. . . Apparently, I’m not the only one who had questions about the prevalence of conformity on both sides of the political spectrum:Liberals are willing to argue about anything until they get a 50.01% consensus on it. After that, it's cast in stone, through the immutable "liberal ratchet", whereby governmental control once achieved can never be repealed.
The way I saw it, this slavish obedience to authority and tradition on the part of conservatives was the true source of the culture war between liberals and conservatives over foreign war, abortion, same-sex marriage, gun control, and racial inequality. They way I saw it, conservatives clung to old, near-sighted ways of thinking and fell in line with the dictates of the "man in charge." If only conservatives would think for themselves -- like liberals do -- the war would be over and we could get on with life, governance, and progress. Or so I thought.Jeremy Frimer, the author of the piece, noticed that socialists seemed unable to tolerate even mild questioning of Che Guevara’s eminently questionable legacy. Frimer is a researcher at the University of Winnipeg, and he decided to investigate. What he found is that liberals are actually very comfortable with authority and obedience -- as long as the authorities are liberals (“should you obey an environmentalist?”). And that conservatives then became much less willing to go along with “the man in charge.”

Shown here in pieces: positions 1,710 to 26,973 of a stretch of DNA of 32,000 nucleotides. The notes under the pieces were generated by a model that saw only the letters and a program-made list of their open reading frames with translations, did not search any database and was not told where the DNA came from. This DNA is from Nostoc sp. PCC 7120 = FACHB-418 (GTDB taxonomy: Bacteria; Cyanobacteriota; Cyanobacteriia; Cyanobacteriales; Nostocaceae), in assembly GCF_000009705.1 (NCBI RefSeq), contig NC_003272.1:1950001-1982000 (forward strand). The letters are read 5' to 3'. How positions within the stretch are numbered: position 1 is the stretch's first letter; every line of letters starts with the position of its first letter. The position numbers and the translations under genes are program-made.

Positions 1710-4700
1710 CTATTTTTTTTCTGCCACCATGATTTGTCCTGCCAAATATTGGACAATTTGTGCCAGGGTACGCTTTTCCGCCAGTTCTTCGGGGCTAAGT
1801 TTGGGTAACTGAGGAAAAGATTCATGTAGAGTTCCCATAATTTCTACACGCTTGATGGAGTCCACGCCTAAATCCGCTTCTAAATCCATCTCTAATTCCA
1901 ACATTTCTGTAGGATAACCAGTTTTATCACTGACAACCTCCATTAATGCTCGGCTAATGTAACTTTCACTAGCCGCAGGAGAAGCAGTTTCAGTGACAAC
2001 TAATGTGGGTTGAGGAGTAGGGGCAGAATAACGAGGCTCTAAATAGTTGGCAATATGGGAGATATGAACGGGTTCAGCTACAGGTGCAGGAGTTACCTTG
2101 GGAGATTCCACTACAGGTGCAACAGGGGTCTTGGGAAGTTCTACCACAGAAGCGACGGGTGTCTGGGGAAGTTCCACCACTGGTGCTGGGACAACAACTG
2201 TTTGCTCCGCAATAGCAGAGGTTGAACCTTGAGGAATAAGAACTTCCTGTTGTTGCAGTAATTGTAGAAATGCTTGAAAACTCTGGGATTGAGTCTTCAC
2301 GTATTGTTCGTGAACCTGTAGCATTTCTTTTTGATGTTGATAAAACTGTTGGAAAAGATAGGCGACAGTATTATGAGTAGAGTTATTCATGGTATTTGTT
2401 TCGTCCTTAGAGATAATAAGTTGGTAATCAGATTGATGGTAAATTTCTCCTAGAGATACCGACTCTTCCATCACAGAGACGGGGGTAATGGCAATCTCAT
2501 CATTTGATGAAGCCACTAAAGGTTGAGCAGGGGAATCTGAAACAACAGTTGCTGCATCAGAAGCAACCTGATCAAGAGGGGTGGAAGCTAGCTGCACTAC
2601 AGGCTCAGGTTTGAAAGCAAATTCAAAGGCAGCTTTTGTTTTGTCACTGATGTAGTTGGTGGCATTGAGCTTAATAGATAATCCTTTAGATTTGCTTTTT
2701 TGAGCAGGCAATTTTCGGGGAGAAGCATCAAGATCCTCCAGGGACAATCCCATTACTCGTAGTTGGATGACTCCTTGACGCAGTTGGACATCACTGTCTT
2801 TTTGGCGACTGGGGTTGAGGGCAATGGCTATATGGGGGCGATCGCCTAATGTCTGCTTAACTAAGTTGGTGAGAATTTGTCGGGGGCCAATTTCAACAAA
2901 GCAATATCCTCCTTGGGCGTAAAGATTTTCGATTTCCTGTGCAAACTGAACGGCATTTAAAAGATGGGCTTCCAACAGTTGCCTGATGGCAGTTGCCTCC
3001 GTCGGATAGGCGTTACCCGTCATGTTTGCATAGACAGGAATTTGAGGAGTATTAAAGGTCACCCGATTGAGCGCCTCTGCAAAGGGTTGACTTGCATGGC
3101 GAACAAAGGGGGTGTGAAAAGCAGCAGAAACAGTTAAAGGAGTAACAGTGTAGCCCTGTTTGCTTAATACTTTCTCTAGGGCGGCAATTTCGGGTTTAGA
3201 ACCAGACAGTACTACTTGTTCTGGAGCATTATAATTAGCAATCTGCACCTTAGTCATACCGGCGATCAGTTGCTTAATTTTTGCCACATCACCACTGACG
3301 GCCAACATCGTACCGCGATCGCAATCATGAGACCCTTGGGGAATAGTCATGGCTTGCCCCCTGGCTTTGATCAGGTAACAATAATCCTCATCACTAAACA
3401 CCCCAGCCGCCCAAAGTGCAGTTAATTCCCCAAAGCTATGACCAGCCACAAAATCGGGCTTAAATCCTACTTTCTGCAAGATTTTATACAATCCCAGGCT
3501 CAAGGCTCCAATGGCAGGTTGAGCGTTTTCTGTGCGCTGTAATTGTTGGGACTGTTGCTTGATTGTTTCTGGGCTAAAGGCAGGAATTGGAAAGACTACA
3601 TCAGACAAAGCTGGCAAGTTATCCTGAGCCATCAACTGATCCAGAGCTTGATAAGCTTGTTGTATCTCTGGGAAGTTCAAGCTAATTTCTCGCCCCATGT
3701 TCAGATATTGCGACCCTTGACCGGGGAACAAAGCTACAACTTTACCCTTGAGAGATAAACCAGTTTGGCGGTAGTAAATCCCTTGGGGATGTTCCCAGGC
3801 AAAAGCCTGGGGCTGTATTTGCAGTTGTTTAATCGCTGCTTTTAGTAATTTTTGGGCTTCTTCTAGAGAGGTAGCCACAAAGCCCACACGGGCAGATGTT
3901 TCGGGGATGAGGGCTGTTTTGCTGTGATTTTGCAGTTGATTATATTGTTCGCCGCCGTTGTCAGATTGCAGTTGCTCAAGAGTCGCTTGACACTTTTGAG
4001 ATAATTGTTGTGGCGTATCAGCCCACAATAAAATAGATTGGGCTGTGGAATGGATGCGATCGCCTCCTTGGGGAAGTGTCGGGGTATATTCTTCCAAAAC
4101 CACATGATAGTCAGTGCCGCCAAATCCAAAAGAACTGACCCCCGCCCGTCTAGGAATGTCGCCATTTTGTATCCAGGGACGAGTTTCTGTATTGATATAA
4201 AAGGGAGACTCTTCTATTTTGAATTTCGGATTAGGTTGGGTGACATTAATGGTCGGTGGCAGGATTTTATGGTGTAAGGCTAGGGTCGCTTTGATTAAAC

Then, in 2012, I went on a cycling trip around Cuba.
Linked at Pirate's Cove in the weekly "Sorta Blogless Sunday Pinup." Thanks, Teach!